the transformation that takes place as our minds are renewed. As
I explained in an earlier sermon, the Greek word here for
"transformed" gives us our English word,
"metamorphosis." That is the nature of what is supposed
to happen to the Christian. We are metamorphosed from one kind of
being into another kind of being that is completely different.
Just like an ugly caterpillar is metamorphosed into a beautiful
butterfly, or common sandstone is metamorphosed into beautiful
marble, the Christian is changed from being like the world into
being like Jesus Christ, and this is accomplished through a
The result of having renewed mind that transforms us into the
image of Christ is that our lives prove out the will of God, that
which is good, acceptable and perfect. The popular phrase, WWJD,
What Would Jesus Do?, is lived out in practical example
because we are living according to God’s will. As people
watch our lives they will see what is good, what is well pleasing
to God, and what demonstrates godly maturity.
Good refers to what is upright, beneficial and honorable.
Goodness is one of the character qualities that is to be part of
every Christian’s character for it is one of the fruit of
the Spirit (Gal. 5:20,21). That character in turn will
demonstrate itself in good deeds. Ephesians 2:10 tells us "we
are His workmanship, created in Christ Jesus for good works,
which God prepared beforehand, that we should walk in them."
One of the purposes of our salvation from sin is so that we
might carry out these good deeds, which Jesus said in Matt. 5:16,
should be done in such a way that they bring glory to God.
Acceptable is that which is well pleasing to God. This is the
same word as used in verse 1. Man desires to determine according
to his own standards what is good, but what is good can only be
determined by God. That which is good is well pleasing to Him.
That which is not is bad.
For example, many people think they are demonstrating they are
performing good works by giving to the poor. They often do so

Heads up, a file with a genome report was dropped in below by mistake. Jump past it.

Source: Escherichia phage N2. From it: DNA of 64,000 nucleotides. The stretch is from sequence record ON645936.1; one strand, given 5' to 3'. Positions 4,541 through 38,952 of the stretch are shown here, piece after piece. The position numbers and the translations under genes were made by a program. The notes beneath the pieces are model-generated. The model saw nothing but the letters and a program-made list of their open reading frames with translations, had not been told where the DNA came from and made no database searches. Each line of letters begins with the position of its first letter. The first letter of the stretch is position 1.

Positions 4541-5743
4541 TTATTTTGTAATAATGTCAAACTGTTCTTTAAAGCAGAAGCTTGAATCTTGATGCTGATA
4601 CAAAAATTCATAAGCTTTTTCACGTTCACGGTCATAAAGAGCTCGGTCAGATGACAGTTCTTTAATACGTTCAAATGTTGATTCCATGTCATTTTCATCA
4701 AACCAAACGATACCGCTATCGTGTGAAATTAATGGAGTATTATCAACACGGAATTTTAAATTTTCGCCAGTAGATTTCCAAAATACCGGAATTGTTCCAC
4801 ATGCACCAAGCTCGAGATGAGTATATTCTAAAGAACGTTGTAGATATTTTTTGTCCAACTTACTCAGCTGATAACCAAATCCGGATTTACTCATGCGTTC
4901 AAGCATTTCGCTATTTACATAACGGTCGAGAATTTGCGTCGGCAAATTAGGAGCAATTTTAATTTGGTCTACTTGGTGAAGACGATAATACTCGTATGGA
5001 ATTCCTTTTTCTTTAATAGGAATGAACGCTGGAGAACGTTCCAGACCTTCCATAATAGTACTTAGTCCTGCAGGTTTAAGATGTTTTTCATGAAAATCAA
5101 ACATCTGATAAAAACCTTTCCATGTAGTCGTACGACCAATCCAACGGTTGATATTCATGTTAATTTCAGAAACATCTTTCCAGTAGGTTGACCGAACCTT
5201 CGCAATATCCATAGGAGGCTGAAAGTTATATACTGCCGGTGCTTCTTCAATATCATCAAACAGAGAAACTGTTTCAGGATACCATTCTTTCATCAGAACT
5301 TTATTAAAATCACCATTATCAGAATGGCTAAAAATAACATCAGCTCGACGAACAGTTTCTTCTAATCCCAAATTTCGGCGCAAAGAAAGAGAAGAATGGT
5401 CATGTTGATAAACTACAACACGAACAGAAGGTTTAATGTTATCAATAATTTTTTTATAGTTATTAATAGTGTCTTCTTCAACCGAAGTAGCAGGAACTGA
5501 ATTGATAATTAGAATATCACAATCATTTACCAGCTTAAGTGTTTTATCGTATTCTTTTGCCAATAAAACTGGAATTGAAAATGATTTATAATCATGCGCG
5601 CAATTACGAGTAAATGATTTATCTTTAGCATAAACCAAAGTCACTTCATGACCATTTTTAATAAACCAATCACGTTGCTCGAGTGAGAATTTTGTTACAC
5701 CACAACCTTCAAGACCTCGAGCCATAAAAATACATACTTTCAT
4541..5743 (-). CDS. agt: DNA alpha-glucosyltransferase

without thought to the person they think they are helping.
Several Proverbs (22:9; 28:27) tell us that giving to the poor is
a good thing, yet, 2 Thessalonians 3:10 gives us the principle
that "if anyone will not work, neither let him eat."
Charity towards those who are unable to work and those who
are working but still unable to provide for themselves is good,
but charity towards those who are either too lazy to work or
unwilling to take a job "beneath their dignity" is bad.
That is the reason that government entitlement programs created
such welfare problems. They give without Biblical restraint. The
sad thing is that they destroyed the charities that used to
operate under these Biblical principles (See The Tragedy of
American Compassion by M. Olasky). In addition, Jesus rebuked
those that called attention to their charitable giving and told
them that their only reward would be the honor given to them by
men (Matt. 6:2).
Perfect here is tevleion / teleion which means complete or
mature. It is used in James 1:3 which tells us that the trials
that come into our lives test our faith, and tested faith
produced endurance, and the outcome of endurance is being "perfect
[mature] and complete, lacking in nothing." In
Ephesians 4:11-13 Paul tells us the purpose of spiritual
leadership in the church is "for the equipping of the
saints for the work of service, to the building up of the body of
Christ; until we all attain to the unity fo the faith, and of the
knowledge of the Son of God, to a mature man, to the measure of
the stature which belongs to the fulness of Christ." In